Monday, October 04, 2010

Coda Rossa

Barreling out into the sunshine I left the first vineyard in search of Coda Rossa, in Franklinville, NJ. The trip there was a breeze and before I knew it I had passed the vineyard. With a quick turnaround I pulled into the packed parking lot (which is roughly four spaces) and idled in the grass nearby.

If you're not looking for the vineyard it's easy to miss. It's just past the wagon full of pumpkins and mums- not that that's any sort of help. The only sign marking its existence is on the building set apart from the road. Rumor has it an actual sign was ordered months ago but has been complicated by unexplained delays.

I felt silly locking my car as the winery is in such a peaceful area but I guess you never know these days. Hooligans. Walking into the tasting room I shouldn't have been surprised when seven people filled it up. Four cars maxed capacity of the parking lot, and the tasting room was also cozy.

Phil, a school teacher who is a master at wine on the side, was my tasting host. You have unlimited tastes at Coda Rosa for free. Phil was entertaining as when I tried a wine, so did he. It was so amusing to watch his whole face light up as he enjoyed the flavors. Each wine seemed to be a personal heaven for him.

New Jersey Reds - Grapes from NJ. Both of these had a unique twist to a common NJ flavor and were very impressive.
Cab Franc - Very unique with a flavor that is almost peppery. Phil frequently will just take a bottle of this home, since it goes so well with everything.
Chambourcin - Very tasty with a smell that I could not pinpoint. Phil explained this is cultivated similar to concord grapes and spends 4 months in an oak barrel. The tannin structure of these grapes is very different than others, and through some trial-and-error it was determined 4-months creates the perfect blend.

California Reds - Grapes grown in California
Super Tuscan - A sangiovese (and I asked- can be pronounced Sangiovay-say or Sangio-vays, it goes both ways, but not Sangio-vees. Phil offered to call his sister in Tuscany to get exact clarification, but I declined) and cabernet blend that has a very smoky flavor that reminded me of jerky. Jonaid would have loved it.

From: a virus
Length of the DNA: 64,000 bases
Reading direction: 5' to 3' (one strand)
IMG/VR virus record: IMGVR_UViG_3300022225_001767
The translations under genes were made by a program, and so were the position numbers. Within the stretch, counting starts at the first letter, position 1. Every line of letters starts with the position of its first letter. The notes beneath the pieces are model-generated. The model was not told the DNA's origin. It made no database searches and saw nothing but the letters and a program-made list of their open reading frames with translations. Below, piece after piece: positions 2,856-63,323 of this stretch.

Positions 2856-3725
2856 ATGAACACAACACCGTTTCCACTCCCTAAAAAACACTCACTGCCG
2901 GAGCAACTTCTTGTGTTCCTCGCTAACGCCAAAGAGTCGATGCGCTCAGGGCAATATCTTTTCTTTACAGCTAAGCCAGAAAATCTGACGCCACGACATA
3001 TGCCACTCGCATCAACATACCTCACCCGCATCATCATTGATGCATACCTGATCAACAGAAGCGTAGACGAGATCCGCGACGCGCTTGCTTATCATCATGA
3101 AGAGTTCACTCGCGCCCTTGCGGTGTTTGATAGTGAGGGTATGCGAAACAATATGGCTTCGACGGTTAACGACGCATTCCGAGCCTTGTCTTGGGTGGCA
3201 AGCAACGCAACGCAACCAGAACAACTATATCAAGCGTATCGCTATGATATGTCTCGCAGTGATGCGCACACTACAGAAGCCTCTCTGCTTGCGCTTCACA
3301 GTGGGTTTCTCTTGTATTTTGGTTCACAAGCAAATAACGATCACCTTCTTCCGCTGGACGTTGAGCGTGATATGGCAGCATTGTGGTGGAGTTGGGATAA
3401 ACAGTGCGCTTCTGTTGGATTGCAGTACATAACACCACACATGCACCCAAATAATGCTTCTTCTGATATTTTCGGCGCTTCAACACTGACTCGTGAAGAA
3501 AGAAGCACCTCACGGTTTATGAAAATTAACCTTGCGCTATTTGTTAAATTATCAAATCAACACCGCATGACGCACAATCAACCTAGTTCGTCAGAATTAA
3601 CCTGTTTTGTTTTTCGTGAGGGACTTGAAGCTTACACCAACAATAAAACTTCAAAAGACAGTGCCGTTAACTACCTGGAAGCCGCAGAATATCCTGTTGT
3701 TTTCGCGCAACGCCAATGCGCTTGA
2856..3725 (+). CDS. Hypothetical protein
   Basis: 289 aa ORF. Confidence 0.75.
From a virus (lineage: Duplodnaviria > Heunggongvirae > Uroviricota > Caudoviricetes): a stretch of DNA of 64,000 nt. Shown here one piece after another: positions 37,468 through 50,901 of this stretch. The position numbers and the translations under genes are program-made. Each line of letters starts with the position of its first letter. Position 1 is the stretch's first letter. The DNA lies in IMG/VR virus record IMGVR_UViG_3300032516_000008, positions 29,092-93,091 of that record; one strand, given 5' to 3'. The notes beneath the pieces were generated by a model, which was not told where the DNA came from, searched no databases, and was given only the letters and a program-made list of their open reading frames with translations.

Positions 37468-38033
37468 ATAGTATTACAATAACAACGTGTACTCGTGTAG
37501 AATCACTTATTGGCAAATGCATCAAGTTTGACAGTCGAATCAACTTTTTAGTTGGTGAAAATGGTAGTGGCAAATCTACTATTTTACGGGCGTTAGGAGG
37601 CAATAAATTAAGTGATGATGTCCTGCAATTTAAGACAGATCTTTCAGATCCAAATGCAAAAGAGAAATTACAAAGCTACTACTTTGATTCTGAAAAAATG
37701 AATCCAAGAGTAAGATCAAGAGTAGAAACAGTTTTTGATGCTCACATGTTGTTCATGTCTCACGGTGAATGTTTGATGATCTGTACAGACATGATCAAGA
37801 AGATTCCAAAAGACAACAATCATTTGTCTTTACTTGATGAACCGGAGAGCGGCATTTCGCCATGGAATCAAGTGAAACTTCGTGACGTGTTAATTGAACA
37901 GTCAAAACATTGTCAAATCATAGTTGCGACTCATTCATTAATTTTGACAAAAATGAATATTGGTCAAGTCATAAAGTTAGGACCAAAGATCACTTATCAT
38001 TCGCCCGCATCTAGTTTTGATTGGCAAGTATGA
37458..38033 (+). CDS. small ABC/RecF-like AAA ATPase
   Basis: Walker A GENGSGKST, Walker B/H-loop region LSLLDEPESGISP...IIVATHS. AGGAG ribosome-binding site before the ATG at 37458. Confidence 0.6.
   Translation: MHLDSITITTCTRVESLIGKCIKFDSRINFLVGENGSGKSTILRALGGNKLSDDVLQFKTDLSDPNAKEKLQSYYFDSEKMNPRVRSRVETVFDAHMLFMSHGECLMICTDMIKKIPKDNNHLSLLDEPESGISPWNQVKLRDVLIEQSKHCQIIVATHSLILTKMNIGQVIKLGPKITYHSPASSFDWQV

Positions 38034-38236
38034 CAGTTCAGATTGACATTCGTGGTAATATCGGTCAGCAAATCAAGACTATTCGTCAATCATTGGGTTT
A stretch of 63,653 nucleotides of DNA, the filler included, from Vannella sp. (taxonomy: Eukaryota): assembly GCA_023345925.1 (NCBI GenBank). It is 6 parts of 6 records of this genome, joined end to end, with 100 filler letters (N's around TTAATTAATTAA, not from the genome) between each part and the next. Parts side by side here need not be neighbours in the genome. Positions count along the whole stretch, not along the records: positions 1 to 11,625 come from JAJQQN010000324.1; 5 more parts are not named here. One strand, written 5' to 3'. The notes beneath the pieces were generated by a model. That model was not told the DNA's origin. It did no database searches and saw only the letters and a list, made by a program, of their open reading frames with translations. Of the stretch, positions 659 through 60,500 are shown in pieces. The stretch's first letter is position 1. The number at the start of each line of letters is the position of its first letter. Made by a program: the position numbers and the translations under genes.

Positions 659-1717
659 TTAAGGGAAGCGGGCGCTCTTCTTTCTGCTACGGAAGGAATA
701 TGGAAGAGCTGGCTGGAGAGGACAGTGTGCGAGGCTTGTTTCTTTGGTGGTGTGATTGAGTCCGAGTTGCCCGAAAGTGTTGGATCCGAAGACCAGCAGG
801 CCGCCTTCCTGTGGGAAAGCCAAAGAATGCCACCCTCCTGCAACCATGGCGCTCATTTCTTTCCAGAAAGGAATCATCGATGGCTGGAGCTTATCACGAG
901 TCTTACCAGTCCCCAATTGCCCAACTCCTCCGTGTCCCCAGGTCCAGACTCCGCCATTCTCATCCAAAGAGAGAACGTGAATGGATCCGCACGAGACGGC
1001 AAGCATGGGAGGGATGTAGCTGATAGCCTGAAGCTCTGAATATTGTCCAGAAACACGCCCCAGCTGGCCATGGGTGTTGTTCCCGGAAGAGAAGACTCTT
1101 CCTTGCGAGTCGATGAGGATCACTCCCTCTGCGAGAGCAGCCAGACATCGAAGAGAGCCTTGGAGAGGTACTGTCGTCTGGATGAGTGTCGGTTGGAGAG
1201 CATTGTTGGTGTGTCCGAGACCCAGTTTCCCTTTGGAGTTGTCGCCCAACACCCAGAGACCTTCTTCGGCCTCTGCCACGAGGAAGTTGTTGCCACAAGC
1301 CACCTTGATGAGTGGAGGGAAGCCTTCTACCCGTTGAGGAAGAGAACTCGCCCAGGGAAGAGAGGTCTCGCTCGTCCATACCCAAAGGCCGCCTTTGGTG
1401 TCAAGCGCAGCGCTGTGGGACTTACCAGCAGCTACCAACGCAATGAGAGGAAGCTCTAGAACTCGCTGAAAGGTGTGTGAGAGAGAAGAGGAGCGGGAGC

Merlot - did not try
Zinfandel - Phil's favorite and he commented as he poured it, "I could just smell this and be happy. Drinking is a bonus." Very full bodied and smooth, definitely a delight.
Syrah - the acidity in this one made me pucker a bit. It just wasn't to my liking.
Barbera / Petite Sirah - A fabulously easy wine going down. Enjoyed every drop. Would be a good choice for Thanksgiving dinner; everyone would enjoy it.
Cabernet - did not try
Nebbiolo - Blend of Nebbiolo and Barbera that is aged 2 years in a barrel. It is very smooth.

At this point in the tasting I asked what the term "tannin" meant. Phil explained this is part of the aging process in red wines in the barrel to offer flavor, acidity, and preservatives to the wine. It is derived from aging with the skin of the grape (I learned that from Cabernet Frank at a winery later in the day) and the barrel. The perfect balance is key and every grape is different; hence the four-month aging of Chambourcin vs. the two year aging of Nebbiolo. The tannins develop differently.

The other tasting host present was Phil's wife. She was attempting to pour a tasting of white with the cork still in. "That's an easy way to save money on drinking," she laughed. "Then you sip it- Mmmm it's so light!"

Phil laughed. "Honey, you beat me to the punch," he said. I wonder if they sit at home reading Grape Expectations to one another (ba-dum-psh).

Chambourcin Rose - did not try, and I am regretting this
Raspberry Rose - did not try

Chardonnay - I took a bottle of this home with me. The grapes in my bottle are from California but the new Chardonnay, just presented last weekend at a festival, is from NJ. The tangy grape flavor shined through the dryness here and was fantastic- I think I'll go pour a glass right now.

Whimsical Wines - I love the remixes of the names here
Bluedonnay - A dryer blend of the blueberry flavor with chardonnay. Frequently the blueberry wines I encounter are far to sweet and I can almost imagine pouring a glass in substitute of my morning orange juice. This was remarkably refreshing as it was dry but had the crisp blueberry flavor.
Chamgria - did not try
Peacho Grigio - This is far more pinot than peach, but it is very tasty. The fruit flavor gives this a unique twist. I loved the fruit-wine mixtures here; the names were clever and the flavors were well defined.
Blue Moon Port - did not try

"Look at you, with the passport! She's going to win the trip to Italy," a fellow patron said, as I got my passport stamped. I laughed, and as I bent down to my purse, my cell phone started ringing. The Monday Night Football theme sounded through the tasting room as I embarassingly muttered apologies. "Yeah the 'Skins have a big game coming up tomorrow," the same patron commented.

I grimaced. "So do the Steelers," I said. The conversation carried on with her asking if I'd visited any other wineries, and me explaining I had actually just been to Swansea, with the amazing Steelers truck outside. Turns out this fellow patron is the tasting room manager at Swansea. Small world.

Despite the small tasting facilities, Coda Rossa has an amazing repertoire of wines. The flavors are to be complimented and the prices are all incredible. Phil is very well versed in wines; not only does he help with the production at Coda Rossa but he also works with the Wine Room of Cherry Hill. His knowledge on wine was extensive and definitely helpful with my questions. If I lived closer I would consider Coda Rossa my personal wine fridge. What a gem!

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